THURSDAY, Jan. 7 — Dozens of Lansing residents voiced frustrations this week after their street remained unplowed following a winter storm that blanketed Greater Lansing in snow.
Wondering why a plow never came by? Cash is tight. Roads are winding. And city officials say they simply don’t have the resources to ensure every local street has been salted and cleared.
Sarah Immekus has lived for six years on Marion Avenue in southwest Lansing. She said she can count on one hand the number of times her street has been plowed or salted in the winter.
“It’s very frustrating,” Immekus told City Pulse. “I had a car in recent years and I would constantly get stuck and would have to gun it to just get out of the neighborhood because there would be 2-foot piles of snow at the ends of the streets on Mt. Hope and Martin Luther King Jr.”
Andy Kilpatrick, director of Lansing’s Department of Public Service, said state trunk lines, major streets, roads with hills and curves and local bus routes are among the first to be plowed and salted after a significant snowfall. Only then do plows make their way into neighborhoods.
And even if they see a plow, most smaller streets never see an ounce of salt, Kilpatrick said. He doesn’t doubt that some residents rarely see a plow truck on their street. It’s expected, he said.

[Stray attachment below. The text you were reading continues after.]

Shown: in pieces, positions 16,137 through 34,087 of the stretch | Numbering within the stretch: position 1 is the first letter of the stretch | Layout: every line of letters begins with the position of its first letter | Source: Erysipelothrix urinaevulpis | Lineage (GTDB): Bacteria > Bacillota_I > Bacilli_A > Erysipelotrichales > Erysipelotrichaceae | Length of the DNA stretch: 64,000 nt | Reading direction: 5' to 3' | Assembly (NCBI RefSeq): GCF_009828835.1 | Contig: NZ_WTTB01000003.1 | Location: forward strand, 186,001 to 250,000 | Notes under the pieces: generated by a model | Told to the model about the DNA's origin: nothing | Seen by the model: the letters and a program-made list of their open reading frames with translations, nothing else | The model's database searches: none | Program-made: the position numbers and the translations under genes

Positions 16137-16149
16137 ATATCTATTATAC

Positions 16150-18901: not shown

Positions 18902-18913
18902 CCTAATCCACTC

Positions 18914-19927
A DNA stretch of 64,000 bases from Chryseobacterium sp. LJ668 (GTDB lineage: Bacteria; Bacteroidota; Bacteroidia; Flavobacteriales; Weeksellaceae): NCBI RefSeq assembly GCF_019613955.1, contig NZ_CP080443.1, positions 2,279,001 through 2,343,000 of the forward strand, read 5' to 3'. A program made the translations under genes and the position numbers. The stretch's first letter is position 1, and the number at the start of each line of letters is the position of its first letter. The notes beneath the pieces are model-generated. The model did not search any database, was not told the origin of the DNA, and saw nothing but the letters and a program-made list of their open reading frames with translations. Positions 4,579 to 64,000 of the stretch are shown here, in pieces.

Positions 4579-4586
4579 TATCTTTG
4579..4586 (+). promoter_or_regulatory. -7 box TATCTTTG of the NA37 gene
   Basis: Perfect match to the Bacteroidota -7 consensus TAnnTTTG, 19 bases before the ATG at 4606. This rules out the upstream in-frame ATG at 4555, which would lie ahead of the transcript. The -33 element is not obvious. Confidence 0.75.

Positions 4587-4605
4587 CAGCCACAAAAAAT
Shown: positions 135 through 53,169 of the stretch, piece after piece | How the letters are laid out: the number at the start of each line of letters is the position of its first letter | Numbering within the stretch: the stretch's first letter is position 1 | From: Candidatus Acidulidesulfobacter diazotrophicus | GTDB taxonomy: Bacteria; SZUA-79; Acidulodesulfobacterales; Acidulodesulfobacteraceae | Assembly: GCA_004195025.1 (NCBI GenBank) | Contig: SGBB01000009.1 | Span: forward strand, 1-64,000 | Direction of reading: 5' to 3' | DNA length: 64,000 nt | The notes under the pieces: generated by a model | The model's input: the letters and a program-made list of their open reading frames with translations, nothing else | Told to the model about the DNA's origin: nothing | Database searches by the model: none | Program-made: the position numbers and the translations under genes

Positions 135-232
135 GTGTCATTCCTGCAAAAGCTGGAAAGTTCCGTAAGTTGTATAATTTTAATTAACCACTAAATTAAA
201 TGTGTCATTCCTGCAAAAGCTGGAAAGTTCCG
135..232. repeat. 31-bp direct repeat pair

“If we did all the local streets the same way we did the major streets, it’s going to be three times the amount of salt,” Kilpatrick added, noting that plowing plans haven’t changed in years.
The city maintains a fleet of 52 trucks for winter operations, including plowing and salting the city’s 107 miles of major streets and 103 miles of local streets, Kilpatrick said. The city also spends about $500,000 annually on road salt. Costs are the biggest limitations to expansion.
“If enough residents think it’s a priority to plow more, the city would be willing to consider that, but we’d have to be willing to look at the tradeoffs,” Kilpatrick added. “If the residents think it’s a priority, we can think about shifting services within our existing budget or look for new funding.”
The city also considers upcoming trash and recycling collection schedules in deciding which streets should receive top priority for plowing and salting, Kilpatrick said. That lends to inconsistencies in which streets are plowed in which order after any given snow storm, though the city does have a text message alert system through Nixle that provides plowing updates.
The city is also in the midst of developing an online map that will eventually allow residents to see, in real time, where plow and salt trucks are clearing streets after it snows. No set date has been set for its release, though Kilpatrick said it’s among Mayor Andy Schor’s top priorities. GPS trackers would also help city officials track which roadways still need to be cleared.
“Right now we don’t have an easy way to make sure we’ve gotten every street,” Kilpatrick said.
Many residents, in the meantime, have been stuck in the slush waiting for better service.
Edwina Riddle said she has seen Meals on Wheels delivery trucks and emergency vehicles stuck due to insufficient snow plowing and salt on Hillsdale road on the westside of Lansing. A salt truck passed by her house on Tuesday, several days after Lansing had significant snowfall.
“It was a quick drive-through,” Riddle said, suggesting that her street could use more attention.